According to a study published in the Journal Of Product & Brand Management, which empirically investigated how city branding efforts could create brand advocates:
“If residents of a city have favorable attitudes toward a brand, feel that it imbues a high level of quality and believe it represents unique core components of the city, the brand may begin to morph into their respective self-concepts and they may develop a self–brand connection. Such a connection can cultivate a strong sense of civic consciousness and residents may become advocates for the brand through word-of-mouth communication. Subsequently, internal buy-in of a city’s branding efforts from residents can promote greater synergy and pride in the city’s branding strategy.”
In other words, if your brand manages to bridge the gap between being a desirable product and being a reflection of personal values and duties, you create brand advocates who will take over the marketing for you.
Brands with large market share have more difficulties in this area. Certainly, the need for large market share limits how strong a stance they can take on particular values and cultural identifiers. The ideal, in-between solution (that also addresses the question of revenue) is to define and target what branding genius Julie Supan calls the “high-expectation customer.”
Limited market share can be an asset here, allowing you to double down on your core audience.
Barriers to entry are generally thought of as traits that preserve a natural monopoly, something we would typically associate not just with big business, but with companies that own close to the entire market share. So what do barriers to entry have to do with smaller companies and limited market share?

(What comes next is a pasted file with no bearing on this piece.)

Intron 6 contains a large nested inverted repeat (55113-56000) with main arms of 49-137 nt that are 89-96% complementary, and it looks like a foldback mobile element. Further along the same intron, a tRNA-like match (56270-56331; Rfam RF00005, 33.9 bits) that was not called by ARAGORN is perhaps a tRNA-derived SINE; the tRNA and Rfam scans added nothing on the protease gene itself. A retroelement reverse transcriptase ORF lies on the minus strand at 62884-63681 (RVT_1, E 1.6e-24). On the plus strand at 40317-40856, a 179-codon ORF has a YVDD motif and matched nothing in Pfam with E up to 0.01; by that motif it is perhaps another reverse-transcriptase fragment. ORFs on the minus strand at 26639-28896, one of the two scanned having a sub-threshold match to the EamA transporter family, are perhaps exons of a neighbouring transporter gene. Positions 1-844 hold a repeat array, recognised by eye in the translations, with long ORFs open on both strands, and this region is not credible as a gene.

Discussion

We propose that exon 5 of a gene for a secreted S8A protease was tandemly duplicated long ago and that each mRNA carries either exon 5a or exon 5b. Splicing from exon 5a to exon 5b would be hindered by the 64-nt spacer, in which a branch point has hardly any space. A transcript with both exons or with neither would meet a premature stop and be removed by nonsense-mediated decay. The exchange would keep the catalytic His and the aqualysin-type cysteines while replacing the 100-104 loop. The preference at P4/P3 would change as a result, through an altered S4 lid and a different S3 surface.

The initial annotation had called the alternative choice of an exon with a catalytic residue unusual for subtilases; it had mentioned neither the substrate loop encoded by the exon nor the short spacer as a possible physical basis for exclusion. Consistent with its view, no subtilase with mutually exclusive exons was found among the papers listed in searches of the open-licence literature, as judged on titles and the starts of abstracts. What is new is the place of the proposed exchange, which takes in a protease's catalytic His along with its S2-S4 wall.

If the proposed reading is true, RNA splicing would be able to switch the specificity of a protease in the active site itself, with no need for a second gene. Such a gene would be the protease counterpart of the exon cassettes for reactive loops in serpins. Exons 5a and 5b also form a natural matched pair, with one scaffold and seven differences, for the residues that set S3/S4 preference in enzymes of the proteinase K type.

Let’s start by talking about research conducted by Dartmouth professor Vijay Govindarajan. He investigated the longevity of all companies registered on the US stock market from 1960 to 2009, and he found that companies are dying off faster now than ever before.
The reason? Fewer barriers to entry in the digital landscape.
In the 21st century, companies were typically spending half as much (in percentage) on physical infrastructure, and twice as much on organizational capital like R&D, IP, and personnel, as compared to the 20th century.
Put simply, most digital businesses are easy to replicate, even with the existence of IP and patent laws. That’s why new business concepts end up getting engulfed by larger companies with more market share in the same vertical or industry. Consider, for example, how quickly Skype, Evernote, Dropbox, and more recently Snapchat, were copied by larger businesses. Or think of how the Kindle overtook and eventually completely crushed Sony’s e-reader, despite arriving quite a bit later, due to Amazon’s access to books and publishers.
What larger businesses can’t replicate so easily are barriers to entry: investment in physical or cultural infrastructure, ownership of network effects, and access to innovators in highly specialized fields.
How can limited market share be an asset here? Some products, industries, and especially customer service approaches are highly susceptible to diseconomies of scale. These are products and services that become prohibitively expensive to produce on a mass-scale, making them inaccessible to companies that focus on market share.
Even economies of scale are often outside of the reach of today’s big tech companies. While tech giants certainly invest heavily in data centers and software development, few have leftover resources to devote to manufacturing, customer service, or experimental infrastructure that strays too far from their core business.
Limited market share can be taken as an opportunity to invest in alternative infrastructures and move in a very different direction than the competition.
Now that you have a bit more to work with than a platitude about how being small makes you quick and nimble, I hope I’ve given you some tools that will help you shake up your strategy and make waves in your industry. Double down on your core audience, invest in things the big fish can’t, and make the most of your underdog story.
Keep it up, and someday soon you might be a big fish, nostalgic for the days when you realized that being small was your greatest asset.